I also ran six sheets of treated cotton through my inkjet printer with wonderful results. I'm not going to show those though, I have to leave something as a surprise! Now I have so many beautiful fabrics, I'm not sure which ones I want to trade with my Fibervision group.

November 25, 2007

Fiber ATC's

I actually finished these ATC's early. I really enjoy experimenting with different mediums, but this month I decided to use some left over pieces of fabric from my Revision challenge and scrap basket.For the base I used a sheet of stiff felt and arranged my fabric strips on top. I covered the whole piece with yellow shimmer tulle and did an allover meandering quilting stitch.

I cut the the finished cards (2.5 x 3.5"), stitched each one with an additional linear pattern and satin stitched around the outside edge.

Now I need to get back to fabric painting for the Fibervision exchange and Seminole Stips for the Blockhead exchange.

November 23, 2007

Painted Fabric

It's been a very exciting week. Lots of new work in progress. I've been having fun playing with paint. Here are a couple of the pieces I've finished for the Fibervsion Christmas Exchange:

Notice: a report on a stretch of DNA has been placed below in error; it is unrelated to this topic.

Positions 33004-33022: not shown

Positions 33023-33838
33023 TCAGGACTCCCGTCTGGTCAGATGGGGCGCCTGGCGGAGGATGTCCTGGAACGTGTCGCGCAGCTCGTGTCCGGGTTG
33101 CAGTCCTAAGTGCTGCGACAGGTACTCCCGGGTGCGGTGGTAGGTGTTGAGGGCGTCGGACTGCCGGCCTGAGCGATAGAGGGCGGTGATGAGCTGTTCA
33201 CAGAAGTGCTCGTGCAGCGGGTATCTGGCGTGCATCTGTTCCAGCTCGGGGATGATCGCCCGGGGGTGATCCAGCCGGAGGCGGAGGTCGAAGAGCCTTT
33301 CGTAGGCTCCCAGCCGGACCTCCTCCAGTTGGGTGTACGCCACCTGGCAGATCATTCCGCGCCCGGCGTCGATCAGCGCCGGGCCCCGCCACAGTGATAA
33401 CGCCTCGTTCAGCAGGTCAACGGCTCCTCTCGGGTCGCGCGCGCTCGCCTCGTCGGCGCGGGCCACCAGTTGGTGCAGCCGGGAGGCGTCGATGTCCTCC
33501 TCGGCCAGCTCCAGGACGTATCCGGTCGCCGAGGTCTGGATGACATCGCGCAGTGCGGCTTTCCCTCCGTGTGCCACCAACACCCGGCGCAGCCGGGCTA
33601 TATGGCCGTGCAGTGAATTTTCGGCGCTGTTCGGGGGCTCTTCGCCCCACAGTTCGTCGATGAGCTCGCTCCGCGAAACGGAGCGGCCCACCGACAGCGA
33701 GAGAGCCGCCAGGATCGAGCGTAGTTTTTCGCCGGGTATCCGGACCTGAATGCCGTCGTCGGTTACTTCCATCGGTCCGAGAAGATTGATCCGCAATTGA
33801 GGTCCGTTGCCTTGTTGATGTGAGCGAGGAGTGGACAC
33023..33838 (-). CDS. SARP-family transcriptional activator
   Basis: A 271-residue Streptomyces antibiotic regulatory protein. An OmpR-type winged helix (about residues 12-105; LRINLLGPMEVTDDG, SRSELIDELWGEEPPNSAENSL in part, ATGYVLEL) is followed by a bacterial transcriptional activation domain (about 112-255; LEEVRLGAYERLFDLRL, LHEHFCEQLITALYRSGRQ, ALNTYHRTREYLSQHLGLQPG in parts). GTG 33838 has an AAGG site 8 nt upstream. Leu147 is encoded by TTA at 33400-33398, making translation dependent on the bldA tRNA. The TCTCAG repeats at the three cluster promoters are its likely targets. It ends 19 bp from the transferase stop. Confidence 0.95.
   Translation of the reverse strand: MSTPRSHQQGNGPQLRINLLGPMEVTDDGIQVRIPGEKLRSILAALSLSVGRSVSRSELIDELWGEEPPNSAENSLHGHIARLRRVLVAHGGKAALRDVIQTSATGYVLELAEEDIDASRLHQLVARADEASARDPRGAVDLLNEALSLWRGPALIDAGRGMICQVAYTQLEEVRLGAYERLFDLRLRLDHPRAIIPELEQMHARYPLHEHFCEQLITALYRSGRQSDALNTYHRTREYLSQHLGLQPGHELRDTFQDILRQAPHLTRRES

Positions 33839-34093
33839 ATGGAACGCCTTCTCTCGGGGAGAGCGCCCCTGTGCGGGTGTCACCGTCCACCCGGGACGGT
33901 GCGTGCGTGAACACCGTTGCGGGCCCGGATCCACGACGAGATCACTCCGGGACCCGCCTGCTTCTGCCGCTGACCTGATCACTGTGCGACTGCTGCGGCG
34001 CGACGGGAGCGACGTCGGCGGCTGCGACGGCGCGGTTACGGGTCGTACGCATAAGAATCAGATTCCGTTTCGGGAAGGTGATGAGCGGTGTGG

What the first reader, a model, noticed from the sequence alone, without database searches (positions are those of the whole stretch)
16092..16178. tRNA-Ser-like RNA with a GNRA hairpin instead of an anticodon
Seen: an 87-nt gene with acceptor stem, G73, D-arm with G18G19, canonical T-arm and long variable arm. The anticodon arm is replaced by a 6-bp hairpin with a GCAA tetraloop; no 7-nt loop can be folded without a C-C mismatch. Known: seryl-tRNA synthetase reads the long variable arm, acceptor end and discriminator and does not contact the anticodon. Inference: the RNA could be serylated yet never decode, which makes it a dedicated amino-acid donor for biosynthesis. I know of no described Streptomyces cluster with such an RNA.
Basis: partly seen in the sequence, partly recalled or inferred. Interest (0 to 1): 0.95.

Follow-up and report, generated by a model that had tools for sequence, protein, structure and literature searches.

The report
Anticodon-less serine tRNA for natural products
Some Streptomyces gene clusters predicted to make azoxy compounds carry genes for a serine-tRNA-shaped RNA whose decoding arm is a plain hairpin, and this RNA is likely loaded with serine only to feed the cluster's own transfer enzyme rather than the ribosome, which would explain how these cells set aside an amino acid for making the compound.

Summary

This piece is a commercial fabric that had white on white roses. I bought it with the intention of painting it. It has 3 layers of different paints. Some areas are highlighted with metallic Lumiere.This began as a plain white pfd fabric. I applied metallic Lumiere to the cross section of pool noodle and stamped the large circles. I then stamped with sponge and a rubber stamp. Once dry, the metallic paint acts as a resist. I wet the fabric and applied green, blue and yellow Dye-na-flow all over. I sprinkled salt on top and added another wet layer of fabric on top and squished it all together. The top fabric picks up the excess paint and leaves you with a pretty soft pastel version of the base layer.

I removed the excess paint from my sponge and bottles with this piece of fabric. It didn't take too long for me to notice the wonderful colors and textures developing. I finished the piece by rubbing and scraping both transparent and opaque paint onto the surface and then used stamps to add additional texture.